Beer Review 0022: Appalachian Hoppy Trails IPA
Hoppy Trails India Pale Ale is made by Appalachian Brewing Company of Pennsylvania. The company has four locations in PA: two in Harrisburg and one each in Gettysburg and Camp Hill. Beer is brewed in all three cities — I bought this particular beer from the downtown location in Harrisburg, where you can get a bite to eat as well as pick up six or twelve packs.
Hoppy Trails is a “flagship beer” of APC, meaning they brew it year-round. It’s marketed as an aggressively hopped IPA with an increase in maltiness to help balance the beverage.
I put a 12 oz. bottle of this east coast IPA to the test on March 12.
The pour produced a small to average sized head that lasted several minutes before forming a nice lacy cover. The beer is golden orange in color, very similar to summertime sweet tea. The body was slightly hazy but clear of any particles or sediment. I noted excellent lacing right from the start; there was a solid sticky ring around the top of the drink and it continued down as I consumed.
Hoppy Trails offered a big shot of pine to the nose followed by strong hints of citrus, orange to be exact. The presence of hops were heavy but largely one dimensional with the classic aromas of pine and citrus. I detected some malts, specifically toasted caramel, but they were somewhat hidden and hard to find. What we have is classic IPA aroma but nothing overly complex or unique.
The one dimension is continued in flavor — the palate is greeted with a nice orange taste followed by pine and then an overwhelming harsh bitterness that turns medicinal. The flavors at the start are quite nice, but the finish, which is of long duration, is harsh, unbalanced and an assault on the tongue.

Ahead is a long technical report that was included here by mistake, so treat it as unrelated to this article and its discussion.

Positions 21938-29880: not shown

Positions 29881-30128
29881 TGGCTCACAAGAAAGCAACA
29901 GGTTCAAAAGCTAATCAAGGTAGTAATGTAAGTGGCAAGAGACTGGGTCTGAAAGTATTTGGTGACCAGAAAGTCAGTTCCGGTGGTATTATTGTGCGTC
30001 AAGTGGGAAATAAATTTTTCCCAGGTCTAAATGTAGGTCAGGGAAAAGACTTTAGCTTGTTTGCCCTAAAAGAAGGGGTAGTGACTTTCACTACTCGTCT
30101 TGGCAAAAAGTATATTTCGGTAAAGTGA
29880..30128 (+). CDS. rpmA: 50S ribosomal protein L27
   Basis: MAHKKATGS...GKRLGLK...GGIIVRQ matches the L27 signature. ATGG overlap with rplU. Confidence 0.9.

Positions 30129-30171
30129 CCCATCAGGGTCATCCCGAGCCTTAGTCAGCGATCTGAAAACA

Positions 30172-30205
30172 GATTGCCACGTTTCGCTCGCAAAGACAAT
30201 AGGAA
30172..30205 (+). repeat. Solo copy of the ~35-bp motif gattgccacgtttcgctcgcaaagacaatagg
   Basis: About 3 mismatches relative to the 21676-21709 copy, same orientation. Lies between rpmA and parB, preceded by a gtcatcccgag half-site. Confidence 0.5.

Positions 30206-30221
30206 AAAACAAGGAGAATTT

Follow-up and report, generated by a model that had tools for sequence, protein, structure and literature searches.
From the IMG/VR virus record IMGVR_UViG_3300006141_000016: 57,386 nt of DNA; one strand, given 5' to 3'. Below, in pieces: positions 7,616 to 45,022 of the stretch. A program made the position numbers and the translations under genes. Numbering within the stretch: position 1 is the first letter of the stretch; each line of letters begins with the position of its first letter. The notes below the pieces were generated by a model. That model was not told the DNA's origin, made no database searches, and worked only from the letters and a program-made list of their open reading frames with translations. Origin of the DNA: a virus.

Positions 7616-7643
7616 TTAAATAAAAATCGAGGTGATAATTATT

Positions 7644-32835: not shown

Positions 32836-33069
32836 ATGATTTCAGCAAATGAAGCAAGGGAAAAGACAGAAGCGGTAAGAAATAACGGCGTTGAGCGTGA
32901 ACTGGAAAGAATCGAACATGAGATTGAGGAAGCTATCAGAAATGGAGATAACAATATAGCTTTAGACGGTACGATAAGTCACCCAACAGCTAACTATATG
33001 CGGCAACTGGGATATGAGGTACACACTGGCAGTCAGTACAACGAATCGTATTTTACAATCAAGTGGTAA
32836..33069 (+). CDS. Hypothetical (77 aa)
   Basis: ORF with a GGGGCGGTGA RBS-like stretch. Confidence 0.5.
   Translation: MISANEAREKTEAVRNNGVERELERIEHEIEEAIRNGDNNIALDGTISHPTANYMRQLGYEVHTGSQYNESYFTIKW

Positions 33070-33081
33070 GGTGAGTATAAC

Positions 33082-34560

I noted that the carbonation of Hoppy Trails was lively with a creamy and slick texture. The bubble activity in the drink surprised me; while it was not at the level of, say, a soda, it was very active.
While the overall flavors of this IPA were nice, they were one dimensional and quickly turned into a bitterness that was at such a level to affect the enjoyability of the beer. Although the company claims they tried to balance this beer, it clearly is not. For the average drinker, this is not a good introduction to India Pale Ale — and for an experienced drinker like myself, I didn’t struggle to finish the bottle, but I could name off several beers in this style I would rather quaff.
Appalachian Hoppy Trails IPA, 72 points. Price: $9.99 US for six pack.